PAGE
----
Next, we predict how much the probability of each item selling will be lifted when assigned a specific coupon and how much total sales will be. Then we make our decision. We solve these sorts of optimization problems with Python.

Item coupons are automatically assigned to items in the app like in the screenshot above

--How do buyers use the item coupons?

Sho:We use push notifications as the specific touchpoint for recommending discounted items to buyers, and we are considering expanding out to other touchpoints. For example, we are currently testing out these recommendations as a home screen component.

Item coupons themselves are set independently of buyers. As far as the notifications, we give thought to which buyers to send them to, as we are trying to create an experience where buyers are able to organically purchase the things they wanted at a bargain while they browse the marketplace.

Item coupon shown in a push notification

Item coupons shown on a home screen component

Koya:The Mercari home screen components usually show items that will grab a user’s interest. When they scroll to the “For You” page, items with coupons are suggested under “Bargains.” Unique to this is the need to optimize these items not just from the buyer’s standpoint but also from seller’s standpoint. When optimizing our recommendations to both buyers and sellers, we not only suggest items in response to the needs of the buyers, but also in ways that will maximize the profits of sellers.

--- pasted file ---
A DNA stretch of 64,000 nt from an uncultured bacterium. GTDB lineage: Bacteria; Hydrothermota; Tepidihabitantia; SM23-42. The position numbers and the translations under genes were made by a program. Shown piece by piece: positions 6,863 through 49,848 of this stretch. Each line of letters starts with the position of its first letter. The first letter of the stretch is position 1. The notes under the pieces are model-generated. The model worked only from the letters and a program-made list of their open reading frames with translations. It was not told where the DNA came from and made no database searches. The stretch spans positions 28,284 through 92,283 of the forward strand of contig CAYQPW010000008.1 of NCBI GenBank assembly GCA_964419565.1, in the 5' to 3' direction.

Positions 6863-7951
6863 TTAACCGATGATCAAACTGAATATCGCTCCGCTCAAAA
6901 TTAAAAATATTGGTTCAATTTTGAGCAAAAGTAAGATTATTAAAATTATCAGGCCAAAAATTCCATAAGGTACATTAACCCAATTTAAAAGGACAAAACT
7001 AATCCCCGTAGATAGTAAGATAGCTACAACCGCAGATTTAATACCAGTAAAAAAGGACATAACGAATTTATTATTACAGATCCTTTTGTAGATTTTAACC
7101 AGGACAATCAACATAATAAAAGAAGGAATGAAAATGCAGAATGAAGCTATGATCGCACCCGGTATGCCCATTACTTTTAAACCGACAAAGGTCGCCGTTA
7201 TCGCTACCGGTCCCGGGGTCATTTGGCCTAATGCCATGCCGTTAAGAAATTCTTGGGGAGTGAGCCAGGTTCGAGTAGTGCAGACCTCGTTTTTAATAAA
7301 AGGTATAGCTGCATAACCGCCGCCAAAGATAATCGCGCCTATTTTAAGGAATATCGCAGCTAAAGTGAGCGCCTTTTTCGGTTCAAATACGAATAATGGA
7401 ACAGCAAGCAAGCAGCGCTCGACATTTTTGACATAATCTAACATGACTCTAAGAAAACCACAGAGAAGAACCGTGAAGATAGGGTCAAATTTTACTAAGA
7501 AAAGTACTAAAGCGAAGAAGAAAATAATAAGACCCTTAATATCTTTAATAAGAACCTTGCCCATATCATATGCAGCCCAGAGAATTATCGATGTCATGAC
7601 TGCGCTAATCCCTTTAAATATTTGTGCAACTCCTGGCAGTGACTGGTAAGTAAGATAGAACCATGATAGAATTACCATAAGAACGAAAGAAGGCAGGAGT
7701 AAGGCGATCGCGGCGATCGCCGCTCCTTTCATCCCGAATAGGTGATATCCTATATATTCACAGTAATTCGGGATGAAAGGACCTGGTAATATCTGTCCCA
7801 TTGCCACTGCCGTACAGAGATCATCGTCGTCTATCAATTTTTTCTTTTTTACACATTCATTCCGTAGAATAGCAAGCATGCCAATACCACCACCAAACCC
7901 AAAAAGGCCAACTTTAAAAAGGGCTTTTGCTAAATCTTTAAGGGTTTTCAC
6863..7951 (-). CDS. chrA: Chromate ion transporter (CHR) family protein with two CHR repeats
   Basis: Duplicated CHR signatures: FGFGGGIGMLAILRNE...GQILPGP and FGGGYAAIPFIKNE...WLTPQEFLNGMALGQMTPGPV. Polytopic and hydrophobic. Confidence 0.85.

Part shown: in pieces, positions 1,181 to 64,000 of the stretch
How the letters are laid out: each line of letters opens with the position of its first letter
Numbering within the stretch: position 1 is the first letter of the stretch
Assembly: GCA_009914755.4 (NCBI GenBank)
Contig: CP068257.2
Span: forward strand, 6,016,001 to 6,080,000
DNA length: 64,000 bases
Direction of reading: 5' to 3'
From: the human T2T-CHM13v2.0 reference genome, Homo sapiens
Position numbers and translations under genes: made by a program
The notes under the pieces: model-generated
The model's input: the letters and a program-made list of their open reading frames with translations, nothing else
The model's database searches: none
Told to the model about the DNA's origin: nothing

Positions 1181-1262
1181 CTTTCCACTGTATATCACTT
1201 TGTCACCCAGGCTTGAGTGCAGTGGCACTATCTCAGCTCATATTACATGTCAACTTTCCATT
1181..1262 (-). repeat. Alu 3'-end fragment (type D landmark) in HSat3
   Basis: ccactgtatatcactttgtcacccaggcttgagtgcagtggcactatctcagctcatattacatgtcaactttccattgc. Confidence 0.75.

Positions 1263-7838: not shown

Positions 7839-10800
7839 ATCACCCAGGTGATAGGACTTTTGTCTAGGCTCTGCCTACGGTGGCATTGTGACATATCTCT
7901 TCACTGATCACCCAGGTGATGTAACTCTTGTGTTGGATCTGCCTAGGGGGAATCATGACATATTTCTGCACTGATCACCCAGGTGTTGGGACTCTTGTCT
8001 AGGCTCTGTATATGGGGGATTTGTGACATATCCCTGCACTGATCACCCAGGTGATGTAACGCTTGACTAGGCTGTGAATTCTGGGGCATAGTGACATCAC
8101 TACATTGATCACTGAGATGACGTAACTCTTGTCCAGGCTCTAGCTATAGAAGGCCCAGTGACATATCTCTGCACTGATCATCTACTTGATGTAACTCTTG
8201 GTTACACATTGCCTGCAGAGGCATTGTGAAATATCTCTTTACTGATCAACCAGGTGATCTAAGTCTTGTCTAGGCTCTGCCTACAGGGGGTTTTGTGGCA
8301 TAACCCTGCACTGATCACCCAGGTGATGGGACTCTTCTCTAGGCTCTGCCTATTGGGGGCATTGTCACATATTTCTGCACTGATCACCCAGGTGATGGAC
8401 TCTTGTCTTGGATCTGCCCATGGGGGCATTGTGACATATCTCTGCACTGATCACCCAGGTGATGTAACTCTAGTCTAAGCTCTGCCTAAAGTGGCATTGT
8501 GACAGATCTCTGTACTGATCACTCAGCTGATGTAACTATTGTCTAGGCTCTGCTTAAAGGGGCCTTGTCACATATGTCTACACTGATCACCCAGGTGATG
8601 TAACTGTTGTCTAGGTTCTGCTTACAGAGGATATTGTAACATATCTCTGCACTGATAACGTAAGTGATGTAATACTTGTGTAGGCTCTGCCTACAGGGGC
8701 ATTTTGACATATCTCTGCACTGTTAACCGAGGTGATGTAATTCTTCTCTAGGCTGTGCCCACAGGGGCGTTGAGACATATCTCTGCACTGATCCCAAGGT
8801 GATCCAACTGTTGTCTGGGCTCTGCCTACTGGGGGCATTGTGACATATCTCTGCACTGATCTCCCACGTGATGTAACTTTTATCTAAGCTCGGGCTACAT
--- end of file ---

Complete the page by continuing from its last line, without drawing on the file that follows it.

While an extreme example, if we were to completely ignore the seller’s experience in this project, there is the possibility that some sellers whose items never sell, because buyers do not notice them, would stay that way. That is why this project is centered around the creation of successful selling experiences to improve seller engagement, and why it puts so much importance on the experiences of both buyers and sellers.